2014 Cadillac CTS Vsport Long-Term Update 1
The miles are flying by in the Cadillac CTS Vsport, and it's not that much of a surprise given how quickly the twin-turbo powered Motor Trend Car of the Year moves out when the going gets fast. At a shade under 4000 pounds (3938, to be exact), the Vsport isn't exactly a lightweight, but its 420 horses have proven to be more than enough to get the Caddy rolling fast and furiously when the highway on-ramp light drops to green and I drop the hammer.
But as anyone who's driven in L.A.'s insane traffic knows, going fast is a relative term and you often spend an inordinate amount of time slowly rolling along or suddenly braking and swerving to avoid an accident. The Vsport excels in these areas. In low-speed stop-and-go the CTS is quiet in the cabin, and in Touring mode it soaks up road imperfections like Bounty soaks up spills. The four-piston Brembo calipers bite down hard on 13.6-inch vented discs up front. Along with a 12.4-inch disc, single piston setup out back and Pirelli P Zeros all around, the Vsport's roll can be slowed quickly. Its responsive helm also allows for quick and dirty maneuvers to help avoid a three-car pileup.
Guest driver and MT archivist Thomas Voehringer got a chance to air the Vsport out for a couple of weeks. He took a jab or two, but had a lot of interesting things to say in an entertaining way, many of which I agree with wholeheartedly. I'll let him take it from here:
"After piloting previous V-8 versions of the CTS V I wasn't sure what to expect from this sport model. Fit and finish is very nice. The design both inside and out is engaging and suitably upscale despite the aggressive angles. It plays well on the revamped Cadillac image introduced by the CTS a decade ago that these cars are equal parts power, style, and class.
"Once inside I found the interior more pleasing visually then physically. In 10 days of daily driving I could never get the seats to feel accommodating. Whether it was the flat seating area or hard back, in 30 miles I'd be squirming. With all the power adjustments I couldn't find a sweet spot.
"The previous driver had set the CTS to Sport mode. The tip-in was far too aggressive for me in regular traffic. It's a heavy car and it takes quite a bit of oomph to catapult it from a stop. It felt like I was hurling a shot put every time I touched the gas. Once dialed down to Tour mode the car changed radically, for the better. Power modulation was smooth and controlled. Normal driving could be interrupted at will to give allow bursts of speed for passing or…just fun."
"With that hurdle out of the way, the car's idiosyncrasies began to emerge. The CTS is loaded with nanny systems that can infringe on one's driving comfort. I can best describe it in terms of a family reunion where members of extended family exhibit behavior that just doesn't seem right.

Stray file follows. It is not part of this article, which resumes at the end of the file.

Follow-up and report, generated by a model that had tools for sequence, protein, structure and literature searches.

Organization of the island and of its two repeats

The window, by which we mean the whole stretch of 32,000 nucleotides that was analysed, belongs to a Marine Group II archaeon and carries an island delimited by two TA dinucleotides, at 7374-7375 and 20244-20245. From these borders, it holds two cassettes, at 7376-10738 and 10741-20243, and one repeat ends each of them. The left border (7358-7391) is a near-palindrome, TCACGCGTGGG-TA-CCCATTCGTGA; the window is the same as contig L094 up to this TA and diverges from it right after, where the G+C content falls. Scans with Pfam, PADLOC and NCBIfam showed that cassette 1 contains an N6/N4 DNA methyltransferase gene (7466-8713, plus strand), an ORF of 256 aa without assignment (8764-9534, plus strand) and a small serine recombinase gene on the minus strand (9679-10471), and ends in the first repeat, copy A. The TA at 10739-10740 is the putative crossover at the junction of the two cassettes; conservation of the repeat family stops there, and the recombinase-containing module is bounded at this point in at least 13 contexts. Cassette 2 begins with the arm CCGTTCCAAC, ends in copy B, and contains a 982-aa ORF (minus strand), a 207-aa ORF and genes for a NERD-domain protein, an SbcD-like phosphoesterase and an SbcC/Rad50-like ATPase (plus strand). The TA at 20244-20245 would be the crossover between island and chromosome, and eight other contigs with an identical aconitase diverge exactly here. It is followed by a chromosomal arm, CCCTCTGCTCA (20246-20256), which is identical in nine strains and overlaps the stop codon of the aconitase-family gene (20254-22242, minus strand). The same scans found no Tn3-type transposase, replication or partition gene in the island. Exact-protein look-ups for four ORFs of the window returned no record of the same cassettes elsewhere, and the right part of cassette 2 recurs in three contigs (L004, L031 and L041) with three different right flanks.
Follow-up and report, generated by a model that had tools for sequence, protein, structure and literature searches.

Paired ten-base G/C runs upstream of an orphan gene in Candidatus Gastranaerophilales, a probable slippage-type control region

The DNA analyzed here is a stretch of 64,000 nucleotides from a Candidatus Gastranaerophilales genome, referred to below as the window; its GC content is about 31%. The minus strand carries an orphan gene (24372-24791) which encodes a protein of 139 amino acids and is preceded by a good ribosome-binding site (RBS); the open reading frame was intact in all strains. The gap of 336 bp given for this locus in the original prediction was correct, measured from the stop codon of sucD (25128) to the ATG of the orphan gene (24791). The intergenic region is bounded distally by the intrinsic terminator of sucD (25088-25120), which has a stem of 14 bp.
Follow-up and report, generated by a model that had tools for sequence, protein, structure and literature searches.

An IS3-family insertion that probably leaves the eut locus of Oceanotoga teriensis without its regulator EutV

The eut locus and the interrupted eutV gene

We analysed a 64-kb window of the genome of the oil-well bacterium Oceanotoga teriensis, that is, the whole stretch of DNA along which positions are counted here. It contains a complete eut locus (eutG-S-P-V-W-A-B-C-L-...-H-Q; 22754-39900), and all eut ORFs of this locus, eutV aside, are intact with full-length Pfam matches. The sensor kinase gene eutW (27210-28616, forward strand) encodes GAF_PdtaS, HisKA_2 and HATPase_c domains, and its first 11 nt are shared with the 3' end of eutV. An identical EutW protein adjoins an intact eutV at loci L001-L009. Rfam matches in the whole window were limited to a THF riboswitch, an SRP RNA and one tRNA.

"First is Aunt Agnes -- she'll sneak up on you and pinch your butt for no reason, or at least you don't know what reason she has. Agnes is the lane-departure warning. It vibrates a butt cheek, left or right, through the uncomfortable Safety Alert Seat to let you know you are straying from your path (in her opinion). It's wholly arbitrary at times and gets to be annoying. Weird Uncle Jake does stuff no one understands, and at the most inopportune time, too, like Cadillac's adaptive headlights flashing the high beams at perpendicular traffic. Uncle Jake, you're embarrassing me and irritating everyone…again.
"The entire CTS center stack is represented by the children. Oh, you can see their potential, but when you try to communicate with them, via CUE, half the time they just don't listen. So you have to repeat yourself through several finger swipes or taps to get your point across. Will those kids ever listen the first time? Mom is the back-up camera. We always knew she had eyes in the back of her head. She's there to guide you so you will always park straight and remember to eat your green beans.
"But once the crazy conversation ends and everyone has gone to sleep, or is suitably medicated, the CTS takes on its proper role as man cave or "happy place." The interior is quiet, like midnight at the retirement village. You've finally found the music that fits your mood. The road beckons like a young mistress. No more muss and fuss with the nannies, just sweeping turns and road-hugging-inspired grins. The twin-turbo V-6 commotion under the hood is a bit frenetic. It's not nearly as pleasing as a growling V-8 but I can live with it. The steering is firm and confident, as are the brakes, as the CTS tracks like a slot car on the winding roads. Ahhhhh, now this is better."
|Service life||3 mo/5576 mi|
|Average fuel economy||20.0 mpg|
|CO2 emissions||0.97 lb/mi|
|EPA City/Hwy/Comb Fuel Econ||16/24/18 mpg|
|Energy consumption||169 kW-hr/100mi|